According to Chhay, many top officials made their fortunes when the Kampuchean People’s Revolutionary Party renamed itself the Cambodian People’s Party in 1991, abandoning communism and opening its arms to capitalism and land privatisation.
As Sebastian Strangio describes it in his recent book Hun Sen’s Cambodia, state-owned land and businesses were sold off to government officials, foreign investors and CPP-linked tycoons.
“All pre-1975 land claims were annulled, reassuring investors that they would be safe from eviction if the old owners of the land returned,” he writes.
“Phnom Penh became a boomtown. Wild speculation drove land values up to dizzying heighs. Dilapidated villas that had lain vacant since the Pol Pot regime were snapped up by government officials, who sold them off to Thai and Singaporean businessmen or leased them to international relief agencies scrambling for a foothold in the Cambodian ‘aid market’.”
According to Chhay, the period following the 2008 election, when the CPP obtained a dominant 90 seats in the National Assembly, was the second period when officials made significant sums of money, mostly through economic land concessions or property swaps.
Chhay does not buy the former Phnom Penh governor Chea Sophara’s argument.
“Why is he able to have so much land when there are so many people in Phnom Penh who do not have the privilege of owning so much land [now] and in , too?” he said.
“And this is [another] question. Look at the houses inside the land, so many big houses there, it did not come cheap. He has all of his children in there in houses that cost millions and millions of dollars. Where does this money come from?”
Chhay added that officials like Pen Siman, the former customs head, are not afraid to flaunt their wealth despite questions about how it was gained “because they think it’s something that they have the right to do, or they have the party protecting them”.
Two senior customs officials told Post Weekend on condition of anonymity that lucrative positions in the customs and excise department – at ports and border crossings, for example – required “at least $50,000 to $70,000” to be paid upwards – but could not provide evidence of the practice.
“Some individual customs officers have sold their houses or borrowed money to bribe for a job and position,” one of the officials claimed.
A 2007 US Embassy cable describes Siman’s wife, Ngyn Sun Sopheap, as a business associate of Attwood Import Export Company chief Lim Chhiv Ho.
The customs officials said that Siman’s name was a free pass for imported goods.
“I don’t know about other businesses of Pen Siman, but all cargo transportation is untouchable if you say it belongs to him,” an official said.
Post Weekend could not independently verify the claims.
Siman denied the corruption allegations. He said that the promotion and appointment of officials at the department had been up to the Ministry of Economy and Finance and not himself.
Bou Bunnara, head of the Customs Department’s public relations unit, only said that he “didn’t know” when asked to comment on allegations of corruption.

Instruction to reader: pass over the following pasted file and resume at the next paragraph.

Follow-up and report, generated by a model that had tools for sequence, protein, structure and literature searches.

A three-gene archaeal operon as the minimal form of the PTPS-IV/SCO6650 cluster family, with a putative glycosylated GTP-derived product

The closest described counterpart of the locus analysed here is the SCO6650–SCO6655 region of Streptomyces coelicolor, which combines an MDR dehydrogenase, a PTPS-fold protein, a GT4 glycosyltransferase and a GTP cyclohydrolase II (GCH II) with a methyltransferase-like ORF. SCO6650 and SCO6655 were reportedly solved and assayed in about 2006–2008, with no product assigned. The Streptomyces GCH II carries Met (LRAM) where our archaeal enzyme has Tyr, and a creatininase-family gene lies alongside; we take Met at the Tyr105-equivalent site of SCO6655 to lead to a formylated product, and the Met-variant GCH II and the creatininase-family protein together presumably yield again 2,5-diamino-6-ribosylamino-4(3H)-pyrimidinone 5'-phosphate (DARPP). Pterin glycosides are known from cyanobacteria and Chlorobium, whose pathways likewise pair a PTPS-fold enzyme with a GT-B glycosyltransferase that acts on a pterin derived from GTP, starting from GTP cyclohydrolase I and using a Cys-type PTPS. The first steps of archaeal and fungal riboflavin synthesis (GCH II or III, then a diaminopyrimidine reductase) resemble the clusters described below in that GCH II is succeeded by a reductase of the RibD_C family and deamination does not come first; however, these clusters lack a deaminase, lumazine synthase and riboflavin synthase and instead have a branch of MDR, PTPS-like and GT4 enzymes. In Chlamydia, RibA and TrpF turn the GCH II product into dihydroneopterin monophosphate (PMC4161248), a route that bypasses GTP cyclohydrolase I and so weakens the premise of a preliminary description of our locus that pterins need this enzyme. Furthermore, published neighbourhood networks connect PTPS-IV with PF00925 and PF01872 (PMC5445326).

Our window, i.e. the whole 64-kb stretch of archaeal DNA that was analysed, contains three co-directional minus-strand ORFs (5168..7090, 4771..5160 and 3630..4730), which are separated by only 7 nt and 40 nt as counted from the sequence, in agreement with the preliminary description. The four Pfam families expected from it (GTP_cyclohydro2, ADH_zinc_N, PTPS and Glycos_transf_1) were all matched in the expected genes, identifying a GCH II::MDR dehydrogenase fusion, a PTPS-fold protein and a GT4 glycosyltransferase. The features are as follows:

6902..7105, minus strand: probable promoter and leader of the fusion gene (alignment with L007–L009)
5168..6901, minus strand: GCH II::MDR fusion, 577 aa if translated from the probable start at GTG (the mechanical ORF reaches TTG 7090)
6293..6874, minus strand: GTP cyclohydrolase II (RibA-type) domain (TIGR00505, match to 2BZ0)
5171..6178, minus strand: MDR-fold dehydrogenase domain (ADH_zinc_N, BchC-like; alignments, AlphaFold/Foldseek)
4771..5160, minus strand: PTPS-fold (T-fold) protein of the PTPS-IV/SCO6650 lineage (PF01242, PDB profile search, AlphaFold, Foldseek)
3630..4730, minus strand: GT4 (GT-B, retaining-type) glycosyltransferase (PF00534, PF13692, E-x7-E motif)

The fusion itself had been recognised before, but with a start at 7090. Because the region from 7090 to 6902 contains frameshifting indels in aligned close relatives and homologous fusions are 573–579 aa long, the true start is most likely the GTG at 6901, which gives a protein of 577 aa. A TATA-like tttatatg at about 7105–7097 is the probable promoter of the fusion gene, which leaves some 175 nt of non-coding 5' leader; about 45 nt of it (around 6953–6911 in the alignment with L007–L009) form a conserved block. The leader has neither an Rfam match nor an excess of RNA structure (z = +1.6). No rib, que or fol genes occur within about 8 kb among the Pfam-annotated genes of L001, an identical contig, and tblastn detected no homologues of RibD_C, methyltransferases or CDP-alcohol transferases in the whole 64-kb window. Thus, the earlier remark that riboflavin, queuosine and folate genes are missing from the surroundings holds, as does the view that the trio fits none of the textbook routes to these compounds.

CPP spokesman and lawmaker Sous Yara said that critical “individual perceptions” about the properties of government officials could not be taken as general public opinion.
“The regime is committed to multi-party democracy and also [to] stand on the principle of free-market economics. So whoever has the ability to raise their family’s development without interfering in the public interest, you don’t have anything to accuse them,” he said in a phone interview.
“The free market means [it is for] all. Everyone who lives under this society will benefit from economic growth. If you are an officer, you have a rule that before you enter the public service you have to announce your property, and when you [leave] office you have to declare your property. As long as they abide by this rule, we have no comment on that.”
Asset declarations at the Anti-Corruption Unit are kept confidential and only opened in the case that the chairman decides to investigate. Good governance groups such as Transparency International have urged the government to change legislation to make them public.
“Questions should be raised, as it is difficult — if not impossible — to comprehend how a government official who earns around USD1,000 a month can own a property worth millions. But these questions cannot be answered if public officials are not required to declare their assets publicly,” Transparency International Cambodia executive director Preap Kol said in an email.
He said that while the 2010 Anti-Corruption Law contains a provision on “illicit enrichment”, defined as an unexplainable increase in the wealth of public officials, the fact that asset declarations are not available for public scrutiny makes investigations under this “impossible in practice”.
Opposition lawmaker Chhay agreed, adding that if the ACU were truly independent, it would investigate civil servants and government officials that own lavish properties.
ACU vice-president Nuon Sophal said, however, that under the anti-corruption law, the unit cannot simply questions individuals without a complaint.
“The rights of individual citizens are important, and if we question them, it means we are investigating,” he said.
“If there is no evidence, it would be a violation of the rights of the individual.”
Additional reporting by Meas Sokchea